Mr Davidson's personal touch is the hallmark of his style. He is also unrelenting in his focus on getting things done, including securing a £25m financing deal last January, instituting a £6m capital investment programme and getting a grip on costs with renegotiated purchasing deals. "Look at this," he says, brandishing an intricate, multi-coloured chart with every relevant metric for every division of the business. "Hitherto, managers only saw the results a couple of weeks after the end of the month; now I get a detailed summary by 10am every Monday showing exactly how the previous week has gone and what the forecasts are."

The weekly update is the keystone of the new Crown Paints, the subject of a Monday management meeting that brooks no absences and allows for no delays. "It has given us a bit of urgency," Mr Davidson says with a chuckle. "It keeps the machine running faster and keeps people focused."

With an admirable stab at diplomacy, Mr Davidson tries not to speak badly of his predecessors. But the frustration is clear. "It is very different when a business is part of a corporate structure with a lot of departments reporting into a headquarters in another country," he says. "It is common then for a business to react slowly because there is a lot more politics and a lot more indecision."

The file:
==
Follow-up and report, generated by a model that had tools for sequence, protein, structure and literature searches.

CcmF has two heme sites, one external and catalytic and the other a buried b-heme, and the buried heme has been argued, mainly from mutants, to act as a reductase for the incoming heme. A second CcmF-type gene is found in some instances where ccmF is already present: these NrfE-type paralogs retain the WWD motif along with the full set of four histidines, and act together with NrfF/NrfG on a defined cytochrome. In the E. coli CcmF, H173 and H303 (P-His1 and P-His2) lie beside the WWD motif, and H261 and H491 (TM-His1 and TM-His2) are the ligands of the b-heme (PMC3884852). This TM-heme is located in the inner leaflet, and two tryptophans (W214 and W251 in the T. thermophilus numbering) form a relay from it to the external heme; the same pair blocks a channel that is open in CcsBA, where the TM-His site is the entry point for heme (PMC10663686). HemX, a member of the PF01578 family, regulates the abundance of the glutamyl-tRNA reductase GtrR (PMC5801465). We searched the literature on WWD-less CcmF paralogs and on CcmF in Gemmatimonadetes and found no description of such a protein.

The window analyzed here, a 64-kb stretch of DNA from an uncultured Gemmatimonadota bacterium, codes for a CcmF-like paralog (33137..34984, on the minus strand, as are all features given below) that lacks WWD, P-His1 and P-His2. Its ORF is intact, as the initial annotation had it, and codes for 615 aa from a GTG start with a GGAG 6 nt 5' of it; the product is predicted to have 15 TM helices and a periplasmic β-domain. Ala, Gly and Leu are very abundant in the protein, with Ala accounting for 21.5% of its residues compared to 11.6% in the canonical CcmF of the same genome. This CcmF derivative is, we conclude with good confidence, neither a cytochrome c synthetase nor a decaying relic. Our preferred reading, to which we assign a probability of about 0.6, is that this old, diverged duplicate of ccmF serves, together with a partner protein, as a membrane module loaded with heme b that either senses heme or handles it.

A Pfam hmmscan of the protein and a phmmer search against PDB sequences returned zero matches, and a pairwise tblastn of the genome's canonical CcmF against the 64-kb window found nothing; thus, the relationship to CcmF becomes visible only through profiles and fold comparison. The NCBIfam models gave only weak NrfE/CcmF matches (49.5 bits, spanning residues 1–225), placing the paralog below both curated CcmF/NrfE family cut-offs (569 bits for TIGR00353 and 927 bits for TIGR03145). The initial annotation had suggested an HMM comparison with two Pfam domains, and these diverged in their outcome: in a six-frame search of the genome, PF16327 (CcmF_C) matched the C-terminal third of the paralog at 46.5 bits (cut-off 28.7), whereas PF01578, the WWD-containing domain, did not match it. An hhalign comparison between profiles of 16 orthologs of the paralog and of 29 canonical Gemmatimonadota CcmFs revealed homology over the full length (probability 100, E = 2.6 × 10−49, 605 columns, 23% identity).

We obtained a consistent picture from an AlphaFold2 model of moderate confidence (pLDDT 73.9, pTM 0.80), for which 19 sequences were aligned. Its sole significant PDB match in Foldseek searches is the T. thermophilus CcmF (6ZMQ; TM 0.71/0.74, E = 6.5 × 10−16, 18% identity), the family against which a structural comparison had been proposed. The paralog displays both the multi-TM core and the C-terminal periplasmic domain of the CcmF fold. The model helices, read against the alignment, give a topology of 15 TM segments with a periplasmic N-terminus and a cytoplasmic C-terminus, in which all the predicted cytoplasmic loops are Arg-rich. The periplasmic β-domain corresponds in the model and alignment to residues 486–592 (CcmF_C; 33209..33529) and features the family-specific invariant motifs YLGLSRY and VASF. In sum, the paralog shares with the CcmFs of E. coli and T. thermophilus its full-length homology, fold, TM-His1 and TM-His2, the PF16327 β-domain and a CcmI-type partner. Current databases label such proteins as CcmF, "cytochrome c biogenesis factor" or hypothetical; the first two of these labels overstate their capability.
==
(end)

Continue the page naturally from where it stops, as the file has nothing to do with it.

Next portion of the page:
An independent Crown Paints, fuelled by up-to-the-minute sales figures and a hunger to take the fight to Dulux, has no such lethargy. "We've got our arms around the business now in terms of decision-making," he says. "There's no fannying about."

All that remains is to find a buyer with a suitable plan for the company. "The exciting thing is not just the new ownership but what will be done with the business afterwards – that's what keeps me awake at night," Mr Davidson says.

Crown prince

* Brian Davidson has been CEO of Crown Paints since December 2009.



* He joined after more than 20 years in the bus building industry, including helping turn around the ailing Mayflower, and leading the management buyout at Plaxton in 2004.



* Crown Paints employs 1,400 people, but the duty doesn't end there. "Being chief executive isn't just about making money," Mr Davidson says. "Ultimately, we support about 7,000 people and you have to take that social responsibility."



* Mr Davidson is married with two children, aged 13 and 19.



* His favourite paint is emerald green.